If the Army squashed this day for the people of Winter Park to show their love and devotion to all the men and women serving that Nadd represented that day then it would have been pretty pathetic.

Sunday, February 23, 2014

Soldier made famous in Super Bowl ad visits Fort McCoy

Soldier made famous in Super Bowl ad visits Fort McCoy
Ocala Star Banner
By Andy Fillmore
Published: Friday, February 21, 2014

FORT MCCOY — U.S. Army 1st Lt. Chuck Nadd visited the Veterans of Foreign Wars Veterans Retirement Village in Fort McCoy on Thursday.

Nadd, the pilot of a Blackhawk helicopter on at least 240 hours of missions in Afghanistan, gained notoriety during the Super Bowl when Budweiser aired its “A Hero’s Welcome” commercial featuring him and his fiancĂ©e Shannon Cantwell and most of residents of his hometown of Winter Park.

The commercial came out of a VFW program to honor one returning serviceman representing many. Cantwell, a native of Mobile, Ala., and a staff member with Sen. Richard Shelby of Alabama, entered Nadd’s name in the drawing.

After his name was drawn, the VFW became involved with the company that produced the 60-second commercial as well a 5-minute documentary that included VFW members sharing their homecoming experiences. Retired U.S. Army Lt. Col. Al Lugo, director of the village, and members of the staff there, along with other local VFW personnel, were involved in the project.

For the two productions, Cantwell started a campaign to get Nadd’s friends and former classmates at Trinity Preparatory School of Winter Park assembled, along with his mother and hundreds of town residents.
read more here

This is the video I shot from right in the middle of the huge crowd.

This is from Budweiser

Friday, February 21, 2014

Budweiser soldier gives to old school in more ways than one

Soldier presents former school with gift from combat
Lt. Chuck Nadd featured in Budweiser commercial
Feb 21, 2014

WINTER PARK, Fla. —A hometown hero was honored in Winter Park on Friday.

Lt. Chuck Nadd can usually be found flying Blackhawk helicopters.

However, he was at his alma mater Trinity Prep to present a gift to everyone at the school.

Before he handed over that gift, Nadd shared some words of wisdom with 850 students.

"There are so man who have given so much more than me," said Nadd. "Folks who have gone over there and done multiple tours and those who have not come back. They're real heroes."

The Defense Department chose the 25-year-old as its representative for soldiers returning from Afghanistan.
read more here and watch WESH video

This is the full video of the parade.

Wednesday, February 5, 2014

Budweiser Parade for Soldier Slammed

Missing the point of the Budweiser Super Bowl Ad
Wounded Times
Kathie Costos
February 5, 2014

There are some really crazy things being written all over the country, but this one tops the list. An ex-"deputy assistant secretary of defense for detainee policy" decided to slam the fantastic Super Bowl Budweiser commercial of a soldier back from Afghanistan. Why? Because it was done by Budweiser. I had to leave this comment.
I was there when was being filmed. As a matter of fact I have a 6 minute video of this parade that lasted a lot longer. No one picked up a bottle/ can of Bud in case you didn't notice. No one said anything about drinking. Nadd didn't get off the escalator with a Bud in his hand. He didn't get into the car with one or hit the liquor store before the parade. They didn't hand out beer when the huge crowd gathered. The same crowd that waited over 2 hours for him to arrive from Fort Drum because weather delayed his flight. It wasn't an ad for Bud but was an ad by Bud for a soldier picked to represent what all soldiers and veterans deserve from us.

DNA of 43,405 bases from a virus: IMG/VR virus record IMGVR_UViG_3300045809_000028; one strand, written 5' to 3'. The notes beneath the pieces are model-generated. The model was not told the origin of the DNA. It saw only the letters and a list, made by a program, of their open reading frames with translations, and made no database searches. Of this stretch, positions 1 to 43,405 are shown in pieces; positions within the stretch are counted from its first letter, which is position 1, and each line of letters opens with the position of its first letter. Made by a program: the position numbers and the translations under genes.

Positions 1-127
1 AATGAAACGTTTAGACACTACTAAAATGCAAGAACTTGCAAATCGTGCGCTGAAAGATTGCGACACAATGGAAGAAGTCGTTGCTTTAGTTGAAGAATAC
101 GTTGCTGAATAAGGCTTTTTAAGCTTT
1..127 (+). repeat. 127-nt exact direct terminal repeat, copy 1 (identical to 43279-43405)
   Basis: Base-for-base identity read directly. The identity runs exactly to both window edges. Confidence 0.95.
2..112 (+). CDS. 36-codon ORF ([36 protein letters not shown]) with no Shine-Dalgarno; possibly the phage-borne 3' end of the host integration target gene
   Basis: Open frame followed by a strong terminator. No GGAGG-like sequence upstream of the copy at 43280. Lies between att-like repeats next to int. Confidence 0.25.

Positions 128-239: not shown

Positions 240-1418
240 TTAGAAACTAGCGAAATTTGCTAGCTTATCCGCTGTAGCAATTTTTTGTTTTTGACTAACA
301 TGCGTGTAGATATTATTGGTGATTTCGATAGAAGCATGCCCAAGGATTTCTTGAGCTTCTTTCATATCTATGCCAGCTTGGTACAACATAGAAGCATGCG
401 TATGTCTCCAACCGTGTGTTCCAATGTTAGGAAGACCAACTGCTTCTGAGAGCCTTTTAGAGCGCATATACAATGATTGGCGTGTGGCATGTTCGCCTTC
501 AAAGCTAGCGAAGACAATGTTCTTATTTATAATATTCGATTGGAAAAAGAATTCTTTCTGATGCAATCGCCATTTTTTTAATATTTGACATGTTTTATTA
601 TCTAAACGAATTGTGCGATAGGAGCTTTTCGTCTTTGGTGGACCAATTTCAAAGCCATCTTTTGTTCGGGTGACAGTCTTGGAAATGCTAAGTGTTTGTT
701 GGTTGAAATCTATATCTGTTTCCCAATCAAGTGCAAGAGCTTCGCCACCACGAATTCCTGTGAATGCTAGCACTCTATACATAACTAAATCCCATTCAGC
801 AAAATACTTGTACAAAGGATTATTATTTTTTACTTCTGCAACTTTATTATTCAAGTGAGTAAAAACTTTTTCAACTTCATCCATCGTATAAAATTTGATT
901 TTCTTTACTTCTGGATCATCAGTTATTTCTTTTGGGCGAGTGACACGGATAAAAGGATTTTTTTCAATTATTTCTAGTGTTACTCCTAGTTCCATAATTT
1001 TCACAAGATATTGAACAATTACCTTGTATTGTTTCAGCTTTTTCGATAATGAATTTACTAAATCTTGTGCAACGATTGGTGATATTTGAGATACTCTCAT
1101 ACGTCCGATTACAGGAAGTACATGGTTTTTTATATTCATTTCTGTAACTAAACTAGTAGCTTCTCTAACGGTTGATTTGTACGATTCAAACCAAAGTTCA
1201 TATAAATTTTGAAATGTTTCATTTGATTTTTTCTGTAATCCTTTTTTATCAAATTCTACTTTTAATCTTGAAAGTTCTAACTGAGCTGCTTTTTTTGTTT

Here is the video I shot from the crowd. Do you see anyone holding beer cans? Do you see anyone holding up signs that say Budweiser at all? No it was all about them. The spent even more time with veterans but hey, much easier to just ignore all of that then it is to appreciate what this event represented.

Is this Bud for the Army?
Star Telegram
Philip Carter
Feb. 04, 2014

I like beer, and I’d wager that most veterans like beer too.

Budweiser placed a similar bet Sunday night during the Super Bowl with its ad “A Hero’s Welcome,” which showed a Norman Rockwell-esque homecoming for Army 1st Lt. Chuck Nadd in his hometown of Winter Park, Fla.

The ad tugs my heartstrings. Nonetheless, it should have never been aired.

The ad ignores the complicated relationship that veterans have with alcohol, obscuring how much harm booze does to veterans when they come home.

The military’s Joint Ethics Regulation section 3-209 states that “Endorsement of a non-Federal entity, event, product, service, or enterprise may be neither stated nor implied by DoD or DoD employees in their official capacities and titles, positions, or organization names may not be used to suggest official endorsement or preferential treatment of any non-Federal entity except (the services’ official relief societies).”

Under this regulation, the Army cannot legally endorse Budweiser, nor allow its active-duty personnel to participate in their ads (let alone wear their uniforms), any more than the Army can endorse Gatorade or Nike.
An Army spokesman said the ad had been vetted, and Army officials concluded that Ladd’s appearance in uniform while on duty did not constitute “official support to or otherwise partner[ing] with” Budweiser or the Veterans of Foreign Wars in the spot’s production.

Phillip Carter is a fellow at the Center for a New American Security. He served in 2009 as the deputy assistant secretary of defense for detainee policy.

read more here

This video by Budweiser has interviews with veterans and how this event made them feel. It wasn't on TV so it must have been easy for Carter to ignore. After all, why bother to look into what was behind this commercial when he must have formed his opinion ahead of time? This video has been seen 826,598 times as of right now.

This is a longer version of the commercial seen during the Super Bowl.